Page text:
On Time And In Tune: Piano and Keyboard

Even though it’s been quite a while, I want to finish this series up with my thoughts about piano and keyboards in a band setting.

Guitarists and pianists have always had a complicated relationship. When describing a band, we’ll often call it “guitar-driven,” “piano-based” or even “synth pop,” as if a band can’t exist which relies on both equally. And there’s good reason for this. While drums and bass have well-defined and unique roles, guitar and piano occupy the same space – harmonically and timbrally. These two instruments define not just the root of a chord but the quality and color – major or minor, 7ths, 9ths, 11ths, 13ths. So it’s easy for them to get into each other’s space.

Often, the biggest challenge for pianists in a band is showing restraint with regard to the sheer number of notes at their disposal. Having 88 keys spans a LOT of sonic space. And if they aren’t careful, pianists and keyboardists can quickly find themselves stepping into and on other band members’ roles. There’s a time to explore the full range of a piano – but not all at once in every song. So, pick your spots, find your parts, and realize that you’re part of a larger sound, even though a piano is fully capable of playing everything at once.

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On Time And In Tune: Bass

“In the beginning there was a bass. It was a Fender, probably a Precision, but it could have been a Jazz – nobody knows. Anyway, it was very old … definitely pre-C.B.S. And God looked down upon it and saw that it was good. He saw that it was very good in fact, and couldn’t be improved on at all (though men would later try.) And so He let it be and He created a man to play the bass.”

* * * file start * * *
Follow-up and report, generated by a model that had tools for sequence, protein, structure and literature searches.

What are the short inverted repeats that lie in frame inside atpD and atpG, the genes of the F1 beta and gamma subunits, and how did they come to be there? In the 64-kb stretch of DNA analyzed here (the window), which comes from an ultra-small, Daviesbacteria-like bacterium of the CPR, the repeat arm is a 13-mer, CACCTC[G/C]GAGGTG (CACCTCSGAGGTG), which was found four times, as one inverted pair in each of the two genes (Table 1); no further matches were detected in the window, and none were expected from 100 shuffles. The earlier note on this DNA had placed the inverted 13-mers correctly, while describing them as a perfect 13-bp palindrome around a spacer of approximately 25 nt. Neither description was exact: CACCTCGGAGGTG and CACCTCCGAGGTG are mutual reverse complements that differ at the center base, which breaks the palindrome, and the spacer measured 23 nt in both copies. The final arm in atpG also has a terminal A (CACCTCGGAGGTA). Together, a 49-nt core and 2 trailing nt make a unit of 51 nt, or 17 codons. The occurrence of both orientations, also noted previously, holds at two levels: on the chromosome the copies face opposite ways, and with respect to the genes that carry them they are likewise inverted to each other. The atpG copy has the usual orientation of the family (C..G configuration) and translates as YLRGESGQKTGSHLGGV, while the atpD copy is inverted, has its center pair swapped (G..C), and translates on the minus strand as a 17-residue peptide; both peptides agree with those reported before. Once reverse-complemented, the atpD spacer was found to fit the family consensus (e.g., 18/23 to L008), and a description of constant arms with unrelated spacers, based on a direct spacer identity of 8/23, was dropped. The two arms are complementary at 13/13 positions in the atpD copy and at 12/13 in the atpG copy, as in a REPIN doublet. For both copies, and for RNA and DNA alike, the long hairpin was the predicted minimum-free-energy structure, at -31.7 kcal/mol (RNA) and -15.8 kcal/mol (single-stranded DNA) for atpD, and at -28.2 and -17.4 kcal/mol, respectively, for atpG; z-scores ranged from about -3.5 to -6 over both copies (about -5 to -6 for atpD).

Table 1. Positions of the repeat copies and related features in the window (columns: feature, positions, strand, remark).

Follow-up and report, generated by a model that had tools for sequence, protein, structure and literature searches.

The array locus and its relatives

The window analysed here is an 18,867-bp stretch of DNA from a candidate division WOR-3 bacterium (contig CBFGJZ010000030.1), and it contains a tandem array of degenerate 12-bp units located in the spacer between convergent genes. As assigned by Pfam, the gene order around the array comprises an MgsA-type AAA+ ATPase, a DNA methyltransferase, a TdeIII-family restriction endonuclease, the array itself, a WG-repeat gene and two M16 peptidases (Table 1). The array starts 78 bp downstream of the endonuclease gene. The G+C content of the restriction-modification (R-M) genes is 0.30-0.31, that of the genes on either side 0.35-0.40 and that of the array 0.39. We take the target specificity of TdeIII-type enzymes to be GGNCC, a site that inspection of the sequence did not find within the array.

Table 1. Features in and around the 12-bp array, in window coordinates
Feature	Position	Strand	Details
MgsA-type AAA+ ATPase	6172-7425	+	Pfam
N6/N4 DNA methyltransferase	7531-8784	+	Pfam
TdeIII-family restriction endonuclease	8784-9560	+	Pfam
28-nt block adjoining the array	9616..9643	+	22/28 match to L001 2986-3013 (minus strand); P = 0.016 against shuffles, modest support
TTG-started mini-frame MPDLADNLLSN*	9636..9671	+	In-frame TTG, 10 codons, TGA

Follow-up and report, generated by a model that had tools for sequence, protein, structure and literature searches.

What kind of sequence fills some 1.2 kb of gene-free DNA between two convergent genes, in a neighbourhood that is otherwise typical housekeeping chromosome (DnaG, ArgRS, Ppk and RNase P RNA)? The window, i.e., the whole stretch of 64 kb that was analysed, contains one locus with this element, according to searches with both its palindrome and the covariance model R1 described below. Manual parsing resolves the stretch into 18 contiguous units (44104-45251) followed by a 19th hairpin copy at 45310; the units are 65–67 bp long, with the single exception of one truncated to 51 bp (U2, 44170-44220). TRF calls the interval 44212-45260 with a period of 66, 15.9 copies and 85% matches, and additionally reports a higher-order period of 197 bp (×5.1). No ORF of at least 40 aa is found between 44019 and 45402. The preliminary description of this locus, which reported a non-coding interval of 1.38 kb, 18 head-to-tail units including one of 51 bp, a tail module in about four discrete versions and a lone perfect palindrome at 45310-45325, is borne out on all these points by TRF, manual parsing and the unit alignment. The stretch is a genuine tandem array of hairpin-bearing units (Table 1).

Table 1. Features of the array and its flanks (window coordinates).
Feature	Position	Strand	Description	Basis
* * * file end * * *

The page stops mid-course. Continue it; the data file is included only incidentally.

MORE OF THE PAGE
History Of The Bass by Tony Levin

Bass players are often the unsung heroes of the band. What, and more importantly, howa bass player plays his or her part is often the difference between a forgettable band and a band that is totally locked in. Here are a few tips for bass players that will help make that difference:

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On Time And In Tune: Drums

“It’s better to have no drummer than a bad drummer.”


There’s a lot of truth about the importance of drummers in that video. Here are a few more tips that I think make the difference between good and great drummers:

Just lay down the groove. It’s not the fills that will get you noticed. It’s the groove. If people’s heads aren’t bobbing that’s a problem. This means being okay with playing simply. Simplify your kit. If the groove won’t happen with kick, snare, and hi-hat, it won’t happen with 4 rack toms, 3 floor toms and 5 crash cymbals either (unless of course you are Simon Phillips, but he could groove with a trash can and lid I’m sure). And groove will never happen with roto toms.

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It’s The Little Things

This is part 2 of my series On Time and In Tune – practical tips to set you apart as a musician. Check out the first post and introduction here.

Yesterday I told you that some of the best advice I got before moving to Nashville was to be on time and in tune. Those two rules seem pretty obvious, right? You would think so, but I got my first gig in Nashville by following them. I had just moved to town and was recommended for the acoustic guitar spot in an artist’s band. The guy they were looking to replace was a really great player but he’d not really taken the time to learn the parts from the record and was just playing what he felt like. On top of that, he never brought his tuner and was always having to borrow one from the bass player and going out of tune during shows. I knew all of this information beforehand so I learned all the parts straight off the records. I also had my tuner, of course. I arrived early, had all my stuff set up, and by the third song when I nailed a signature intro that the other player had never bothered to learn, I had the gig.